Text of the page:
“To me, blood smells like home.”

12291438Sixteen-year-old Juliet Moreau has built a life for herself in London—working as a maid, attending church on Sundays, and trying not to think about the scandal that ruined her life. After all, no one ever proved the rumors about her father’s gruesome experiments. But when she learns he is alive and continuing his work on a remote tropical island, she is determined to find out if the accusations are true.

Accompanied by her father’s handsome young assistant, Montgomery, and an enigmatic castaway, Edward—both of whom she is deeply drawn to—Juliet travels to the island, only to discover the depths of her father’s madness: He has experimented on animals so that they resemble, speak, and behave as humans. And worse, one of the creatures has turned violent and is killing the island’s inhabitants. Torn between horror and scientific curiosity, Juliet knows she must end her father’s dangerous experiments and escape her jungle prison before it’s too late. Yet as the island falls into chaos, she discovers the extent of her father’s genius—and madness—in her own blood.

Inspired by H. G. Wells’s classic The Island of Dr. Moreau, The Madman’s Daughter is a dark and breathless Gothic thriller about the secrets we’ll do anything to know and the truths we’ll go to any lengths to protect. (Synopsis taken from Goodreads)

I have very mixed feelings about this book. On one hand, the whole idea is super interesting and more than slightly horrifying, but one the other, there were patches of slow spots that I struggled to get through.

The characters all had so much potential, but they hit a point of being vaguely interesting and just kind of stopped. As well as this, there was also a love triangle, which was pretty annoying ’cause I felt it wasn’t needed, it was just a “plot device” to up the “drama”, but it really just took from the book.

However, I found the idea of Dr. Moreau’s experiments horrifying. One scene in particular gave me chills and left me slightly rattled (which is hard to do!). Juliet, once she figures out what her father is doing, does something that more YA characters need to do; she runs.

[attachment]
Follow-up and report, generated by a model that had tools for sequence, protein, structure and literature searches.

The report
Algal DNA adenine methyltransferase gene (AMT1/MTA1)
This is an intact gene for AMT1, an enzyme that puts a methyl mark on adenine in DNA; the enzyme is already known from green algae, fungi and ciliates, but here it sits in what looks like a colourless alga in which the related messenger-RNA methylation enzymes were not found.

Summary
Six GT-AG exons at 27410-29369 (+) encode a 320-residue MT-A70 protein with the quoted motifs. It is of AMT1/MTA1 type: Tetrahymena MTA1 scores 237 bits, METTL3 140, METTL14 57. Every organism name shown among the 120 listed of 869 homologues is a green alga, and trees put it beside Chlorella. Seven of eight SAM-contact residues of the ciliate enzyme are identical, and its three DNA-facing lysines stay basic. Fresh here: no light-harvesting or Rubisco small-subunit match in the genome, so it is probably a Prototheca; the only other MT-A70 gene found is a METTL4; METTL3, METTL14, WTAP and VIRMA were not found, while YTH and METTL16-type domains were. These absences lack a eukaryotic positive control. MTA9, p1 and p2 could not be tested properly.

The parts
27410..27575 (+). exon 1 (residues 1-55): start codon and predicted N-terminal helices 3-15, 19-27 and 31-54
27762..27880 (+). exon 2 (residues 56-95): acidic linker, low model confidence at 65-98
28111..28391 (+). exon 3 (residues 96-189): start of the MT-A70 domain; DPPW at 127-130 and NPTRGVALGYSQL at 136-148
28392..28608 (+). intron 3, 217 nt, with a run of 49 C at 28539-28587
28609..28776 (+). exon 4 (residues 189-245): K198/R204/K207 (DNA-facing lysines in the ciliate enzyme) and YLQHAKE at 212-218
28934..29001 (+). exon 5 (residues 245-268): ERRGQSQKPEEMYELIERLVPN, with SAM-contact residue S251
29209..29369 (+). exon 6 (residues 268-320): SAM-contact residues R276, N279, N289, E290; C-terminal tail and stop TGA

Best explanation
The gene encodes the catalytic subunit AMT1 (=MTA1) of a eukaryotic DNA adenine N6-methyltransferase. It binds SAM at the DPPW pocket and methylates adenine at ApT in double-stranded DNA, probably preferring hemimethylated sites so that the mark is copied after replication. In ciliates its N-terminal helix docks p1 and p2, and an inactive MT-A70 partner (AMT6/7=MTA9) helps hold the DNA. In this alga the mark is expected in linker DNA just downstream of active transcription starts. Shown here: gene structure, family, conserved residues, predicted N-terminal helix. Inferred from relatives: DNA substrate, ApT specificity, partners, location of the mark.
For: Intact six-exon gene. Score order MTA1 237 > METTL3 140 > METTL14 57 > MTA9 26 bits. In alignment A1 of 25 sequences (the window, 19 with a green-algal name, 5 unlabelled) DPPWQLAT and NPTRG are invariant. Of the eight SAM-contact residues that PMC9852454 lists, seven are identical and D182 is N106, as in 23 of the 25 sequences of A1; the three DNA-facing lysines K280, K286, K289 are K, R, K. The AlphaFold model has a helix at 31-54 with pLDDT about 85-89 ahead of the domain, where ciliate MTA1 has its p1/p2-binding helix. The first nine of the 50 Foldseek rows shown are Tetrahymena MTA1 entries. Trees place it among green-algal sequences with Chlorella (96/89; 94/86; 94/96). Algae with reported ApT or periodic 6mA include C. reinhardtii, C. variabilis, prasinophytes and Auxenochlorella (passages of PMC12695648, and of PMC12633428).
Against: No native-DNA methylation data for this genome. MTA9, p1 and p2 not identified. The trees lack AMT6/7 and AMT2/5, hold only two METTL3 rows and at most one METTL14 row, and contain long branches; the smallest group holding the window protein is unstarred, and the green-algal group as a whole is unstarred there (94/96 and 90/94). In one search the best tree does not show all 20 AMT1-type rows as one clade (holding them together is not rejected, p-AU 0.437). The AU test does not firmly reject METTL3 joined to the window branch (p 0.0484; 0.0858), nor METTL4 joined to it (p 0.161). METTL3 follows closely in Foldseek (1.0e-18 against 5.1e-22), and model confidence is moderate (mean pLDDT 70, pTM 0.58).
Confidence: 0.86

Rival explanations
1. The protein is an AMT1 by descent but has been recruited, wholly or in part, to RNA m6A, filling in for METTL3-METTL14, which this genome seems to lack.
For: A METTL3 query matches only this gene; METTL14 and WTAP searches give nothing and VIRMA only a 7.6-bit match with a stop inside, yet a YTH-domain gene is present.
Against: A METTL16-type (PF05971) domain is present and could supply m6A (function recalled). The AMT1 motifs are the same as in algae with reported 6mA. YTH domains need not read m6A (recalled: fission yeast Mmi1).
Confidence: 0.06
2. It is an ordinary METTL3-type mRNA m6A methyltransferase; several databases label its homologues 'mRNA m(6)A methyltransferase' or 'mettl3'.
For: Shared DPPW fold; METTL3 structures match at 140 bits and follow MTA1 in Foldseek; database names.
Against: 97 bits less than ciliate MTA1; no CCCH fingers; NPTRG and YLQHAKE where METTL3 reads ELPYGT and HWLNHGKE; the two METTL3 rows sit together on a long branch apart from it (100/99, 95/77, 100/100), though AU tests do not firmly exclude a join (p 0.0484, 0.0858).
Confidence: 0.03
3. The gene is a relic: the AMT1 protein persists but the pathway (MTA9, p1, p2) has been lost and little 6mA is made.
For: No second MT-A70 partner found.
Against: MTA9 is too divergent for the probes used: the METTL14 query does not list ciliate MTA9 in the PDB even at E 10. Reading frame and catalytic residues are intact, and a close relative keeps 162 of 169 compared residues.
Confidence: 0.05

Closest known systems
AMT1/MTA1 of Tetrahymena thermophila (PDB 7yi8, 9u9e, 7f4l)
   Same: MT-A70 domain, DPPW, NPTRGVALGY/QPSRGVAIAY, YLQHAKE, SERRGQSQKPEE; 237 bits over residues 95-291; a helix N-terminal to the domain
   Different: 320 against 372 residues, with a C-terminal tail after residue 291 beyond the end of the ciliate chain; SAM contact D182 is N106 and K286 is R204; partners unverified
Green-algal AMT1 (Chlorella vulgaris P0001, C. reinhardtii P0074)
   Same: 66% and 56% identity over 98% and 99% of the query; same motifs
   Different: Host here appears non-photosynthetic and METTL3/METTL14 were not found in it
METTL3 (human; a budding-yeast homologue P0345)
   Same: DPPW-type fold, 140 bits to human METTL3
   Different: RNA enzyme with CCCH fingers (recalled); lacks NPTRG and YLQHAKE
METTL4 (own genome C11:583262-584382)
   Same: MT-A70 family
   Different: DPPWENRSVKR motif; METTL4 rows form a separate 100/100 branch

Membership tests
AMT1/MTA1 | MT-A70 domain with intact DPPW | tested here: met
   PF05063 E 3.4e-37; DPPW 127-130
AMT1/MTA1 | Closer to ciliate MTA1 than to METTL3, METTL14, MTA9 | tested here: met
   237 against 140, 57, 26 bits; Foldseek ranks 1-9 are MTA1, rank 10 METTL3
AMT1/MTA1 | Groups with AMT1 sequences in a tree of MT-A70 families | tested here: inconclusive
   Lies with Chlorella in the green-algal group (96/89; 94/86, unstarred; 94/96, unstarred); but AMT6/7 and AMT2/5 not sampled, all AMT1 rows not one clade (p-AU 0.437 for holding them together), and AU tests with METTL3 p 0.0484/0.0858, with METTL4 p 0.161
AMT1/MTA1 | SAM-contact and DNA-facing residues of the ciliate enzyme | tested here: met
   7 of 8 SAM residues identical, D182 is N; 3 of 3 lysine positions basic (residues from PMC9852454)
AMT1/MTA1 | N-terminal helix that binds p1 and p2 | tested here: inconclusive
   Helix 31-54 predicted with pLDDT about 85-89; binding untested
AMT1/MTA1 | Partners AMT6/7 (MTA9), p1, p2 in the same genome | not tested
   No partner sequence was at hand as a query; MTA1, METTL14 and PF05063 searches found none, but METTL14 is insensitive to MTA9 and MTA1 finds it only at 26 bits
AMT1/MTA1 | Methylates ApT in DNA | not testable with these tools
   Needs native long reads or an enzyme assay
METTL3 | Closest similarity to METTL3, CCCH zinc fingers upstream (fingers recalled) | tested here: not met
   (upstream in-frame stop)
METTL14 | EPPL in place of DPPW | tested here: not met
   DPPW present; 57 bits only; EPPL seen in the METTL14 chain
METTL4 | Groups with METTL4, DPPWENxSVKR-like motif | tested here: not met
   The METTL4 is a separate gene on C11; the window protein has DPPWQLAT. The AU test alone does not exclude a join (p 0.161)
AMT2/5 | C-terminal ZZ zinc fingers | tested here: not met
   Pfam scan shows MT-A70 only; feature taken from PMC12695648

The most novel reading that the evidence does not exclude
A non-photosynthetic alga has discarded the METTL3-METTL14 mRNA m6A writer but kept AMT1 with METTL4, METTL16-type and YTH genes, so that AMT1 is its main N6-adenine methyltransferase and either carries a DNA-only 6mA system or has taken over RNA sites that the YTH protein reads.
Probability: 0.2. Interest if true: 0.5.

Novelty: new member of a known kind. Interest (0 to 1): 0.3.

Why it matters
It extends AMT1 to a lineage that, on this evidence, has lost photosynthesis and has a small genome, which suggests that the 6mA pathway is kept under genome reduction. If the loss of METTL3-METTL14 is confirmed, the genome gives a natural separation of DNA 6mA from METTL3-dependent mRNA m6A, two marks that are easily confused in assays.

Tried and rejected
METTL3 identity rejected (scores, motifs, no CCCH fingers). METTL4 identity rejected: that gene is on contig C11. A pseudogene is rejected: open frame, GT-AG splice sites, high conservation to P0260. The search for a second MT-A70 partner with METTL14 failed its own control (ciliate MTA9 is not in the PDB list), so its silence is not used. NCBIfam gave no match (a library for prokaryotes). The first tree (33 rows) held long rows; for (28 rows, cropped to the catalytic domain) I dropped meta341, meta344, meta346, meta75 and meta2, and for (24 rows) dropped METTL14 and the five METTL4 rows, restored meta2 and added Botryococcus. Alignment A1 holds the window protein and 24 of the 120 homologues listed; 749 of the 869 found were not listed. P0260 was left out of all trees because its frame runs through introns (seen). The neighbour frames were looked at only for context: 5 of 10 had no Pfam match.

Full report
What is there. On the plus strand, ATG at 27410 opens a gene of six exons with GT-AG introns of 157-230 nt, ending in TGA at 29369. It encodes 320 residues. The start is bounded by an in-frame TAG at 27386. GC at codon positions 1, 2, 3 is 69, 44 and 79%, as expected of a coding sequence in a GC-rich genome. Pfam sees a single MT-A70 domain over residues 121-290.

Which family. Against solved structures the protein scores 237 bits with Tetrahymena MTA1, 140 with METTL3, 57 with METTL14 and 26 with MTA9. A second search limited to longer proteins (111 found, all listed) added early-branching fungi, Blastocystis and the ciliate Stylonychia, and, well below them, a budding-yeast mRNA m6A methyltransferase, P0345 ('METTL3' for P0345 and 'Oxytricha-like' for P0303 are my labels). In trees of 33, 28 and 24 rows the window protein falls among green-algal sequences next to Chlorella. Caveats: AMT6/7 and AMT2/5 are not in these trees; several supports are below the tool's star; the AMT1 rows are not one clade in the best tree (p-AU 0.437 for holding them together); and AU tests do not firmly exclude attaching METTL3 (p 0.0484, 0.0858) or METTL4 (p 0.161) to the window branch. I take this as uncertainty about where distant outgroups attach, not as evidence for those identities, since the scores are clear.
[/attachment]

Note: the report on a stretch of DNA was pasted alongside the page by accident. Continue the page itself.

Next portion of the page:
Juliet borders somewhere between mildly interesting and so-so, because while she will act almost completely on her instincts and does have some of the madness inherited from her father, she will also try to tell herself that her father is still the good, slightly eccentric scientist she knew and loved as a child. There’s one quote in particular that tells you how she grew up: “To me, blood smelled like home”.

I have never read the book that this was based on, so I don’t know how close it was to the plot of the book. This novel was good in parts, lacking in others, but the end…the end was so fantastic. This series is a trilogy, and I think I’ll continue it; I want to know what happens next, especially to Juliet.

ThreeStarsMeanwhile, I am reading reading reading, yet my TBR list is bigger than ever. I have no idea how it’s possible, other than I’ve been haunting Epic Reads AND Goodreads, and there are so many good books out there.

But I don’t think that the TBR list is going to shrink anytime soon, because this weekend is going to be hectic. We have a fundraiser planning thing today, a baby shower tomorrow, and a wedding shower on Sunday, plus all other weekend stuff like grocery shopping. AND I’m in full throttle preparing for Camp NaNoWriMo, which will hopefully go well. My word goal is only 15,000 so it should go well.

Happy Friday,



2 thoughts on ““To me, blood smells like home.”

  1. I’ve seen this book before and had already decided that I didn’t want to read it (shallowly based on the cover) but after reading your review (even though it was only three-stared) I can see myself liking some things about it!


Leave a Reply

Fill in your details below or click an icon to log in:

WordPress.com Logo

You are commenting using your WordPress.com account. Log Out /  Change )

Google+ photo

You are commenting using your Google+ account. Log Out /  Change )

Twitter picture

You are commenting using your Twitter account. Log Out /  Change )

Facebook photo

You are commenting using your Facebook account. Log Out /  Change )


Connecting to %s